December 24, 2016
This photo was taken, probably by my Dad, in 1946. Dr. Redeman, a family friend, was Santa. He visited the homes of parents with children on Christmas Eve in our small town. Three of us four children sit in little chairs, adults behind us, waiting for Santa’s silver chimes outside our front door. Midge, the baby, sits on Mom’s lap on the left. Santa came in and took his black book out of its pouch. He read to us from the gospel of Luke and talked with us about the coming of Jesus into the world. The photo captures our stillness. our attention fixed on this mysterious person. How did Dr. Redemon move us to stillness? Perhaps by the depth of his voice, and its cadence; perhaps by the way he moved, a solemn dancer, with no sign of hurry as he and his Eskimo partner took presents out of large cloth bags, read our names, and placed each one under the tree.
Whoever took the picture captured my attention. The lighting takes me first to Santa’s face and beard and to his hand raised in a good-bye blessing; his poise, mid gesture, makes the entire photo hold its breath. The children show how focused we felt that night, absorbed with wonder. Dr. R taught us that sacred mystery is story telling with no hint of hurrying. All my life since, the pace of my life helps me recognize when I have found the grace to pay attention and not to interrupt.
All of us are better when our life’s pace makes us as still as the children in this 1946 photo. Writing about a moment from childhood makes me grateful for the “Work Day/Hard Times” poetry list. When I write, imagining all of you who read fills me with gratitude and wonder.
john st sj
N.B., two addenda to this longer than usual Christmas Eve post
Addendum One, Lori Glenn:
In response to yesterday’s “O Emmanuel’ post, Lori Glenn, a member of our McAuley School of Nursing faculty, wrote me. That’s not unusual; in the 3.4 years since the Work Day/Hard Time list began, we’ve received 2207 comments, some brief (e.g. ‘great poem today’) some longer. Lori’s is a little longer. She wrote last night from a hospital in Flint MI where, in her other health-care job,’ she wove her reading of yesterday’s post with keeping watch, as a nurse midwife, with mothers giving birth in Flint, MI.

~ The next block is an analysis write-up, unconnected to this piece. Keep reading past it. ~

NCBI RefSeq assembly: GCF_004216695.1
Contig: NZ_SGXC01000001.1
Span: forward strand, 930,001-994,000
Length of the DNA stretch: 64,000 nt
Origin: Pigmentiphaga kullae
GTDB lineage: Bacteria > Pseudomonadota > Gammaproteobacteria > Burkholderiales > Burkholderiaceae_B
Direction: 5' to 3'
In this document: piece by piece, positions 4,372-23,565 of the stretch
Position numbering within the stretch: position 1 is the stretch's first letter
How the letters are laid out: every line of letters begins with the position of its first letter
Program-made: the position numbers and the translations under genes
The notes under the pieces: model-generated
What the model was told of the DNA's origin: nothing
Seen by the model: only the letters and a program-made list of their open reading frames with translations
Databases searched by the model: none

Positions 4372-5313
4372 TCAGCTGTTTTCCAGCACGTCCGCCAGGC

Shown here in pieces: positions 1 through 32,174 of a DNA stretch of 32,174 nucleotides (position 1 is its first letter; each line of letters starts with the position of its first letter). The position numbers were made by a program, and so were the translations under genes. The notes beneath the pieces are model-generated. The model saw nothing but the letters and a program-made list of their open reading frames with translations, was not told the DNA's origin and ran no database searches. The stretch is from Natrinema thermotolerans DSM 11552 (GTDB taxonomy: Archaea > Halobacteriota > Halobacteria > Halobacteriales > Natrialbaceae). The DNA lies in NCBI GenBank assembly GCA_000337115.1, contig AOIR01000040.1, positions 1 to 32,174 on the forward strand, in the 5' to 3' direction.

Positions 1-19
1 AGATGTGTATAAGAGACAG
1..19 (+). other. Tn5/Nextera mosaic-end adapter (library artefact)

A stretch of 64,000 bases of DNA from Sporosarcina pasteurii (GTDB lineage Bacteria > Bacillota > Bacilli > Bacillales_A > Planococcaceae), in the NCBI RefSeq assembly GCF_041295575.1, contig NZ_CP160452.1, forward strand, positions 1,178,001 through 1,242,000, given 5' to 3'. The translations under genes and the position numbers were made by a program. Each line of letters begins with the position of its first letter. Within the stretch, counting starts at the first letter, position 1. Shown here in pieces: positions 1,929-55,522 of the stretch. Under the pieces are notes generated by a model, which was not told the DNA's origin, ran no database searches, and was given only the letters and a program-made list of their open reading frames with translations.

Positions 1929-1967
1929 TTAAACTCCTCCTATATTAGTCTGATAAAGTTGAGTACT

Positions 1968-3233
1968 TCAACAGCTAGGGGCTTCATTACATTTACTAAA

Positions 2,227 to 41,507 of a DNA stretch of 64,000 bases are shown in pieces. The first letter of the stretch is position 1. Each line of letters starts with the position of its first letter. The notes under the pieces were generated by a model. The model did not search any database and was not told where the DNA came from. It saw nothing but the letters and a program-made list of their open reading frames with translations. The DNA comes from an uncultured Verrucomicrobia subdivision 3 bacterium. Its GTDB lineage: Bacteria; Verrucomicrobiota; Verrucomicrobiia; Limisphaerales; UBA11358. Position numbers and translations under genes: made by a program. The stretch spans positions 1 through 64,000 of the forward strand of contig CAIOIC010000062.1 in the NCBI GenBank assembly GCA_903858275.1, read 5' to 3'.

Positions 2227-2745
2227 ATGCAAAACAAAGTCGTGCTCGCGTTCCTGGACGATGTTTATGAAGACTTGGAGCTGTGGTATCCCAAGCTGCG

I asked her if I could include her email in today’s Christmas Eve post. She said yes.
Lori, I am proud to work in the same university with you.
From Lori Glenn to the Work Day list, Friday, December 23, from a Flint hospital delivery room.
At times we are sent messages from God that support our work and enhance our appreciation of it. In addition to teaching nursing, I also am a nurse midwife in the troubled city of Flint. As I sit and read the first poem, I am awaiting the arrival of the baby boy at the hospital. This beautiful poem speaks of fresh life, being eternally new, breathing, touch, and hands–perfectly relevant for my work today. I am work at the hospital that is at the forefront of the lead contamination crisis and witness the tremendous stress this has put on Flint’s people. Yet there is perseverance of these people and the kindness of strangers responding to their need that gives me hope.
For today, I am able to put aside all the stress and worry about the water crisis, the political state of the world, and my own Christmas, and replace it with the anticipation of the purest joy of all — a baby’s birth. How fitting this poem is for me on this fine day. Thanks for the inspiration!
Lori Glenn DNPc MS RN CNM
University of Detroit Mercy
McAuley School of Nursing
It turns out my home-town paper ran a short article, by Larry Ebsch, this year about Dr. Redeman, seen above in the 1943 photo. Here are couple quotes:
“While all Santa’s are special, Dr. Redeman, a dentist, was the star Santa of his era who was honored by the community with a special tribute in 1952 with a party attended by 210 people at Riverside Country Club. . . . His love affair with the Christmas season began in the Northern Marinette County community of Amberg while visi†ing children of relatives and friends in his Santa Claus suit. He expanded his performance in 1937 with visits to 41 families dressed in a special fur trimmed costume. . . announcing his coming by ringing bells . . . the colorful yard decorations attracted national attention during the Great Depression years of the 1930’s.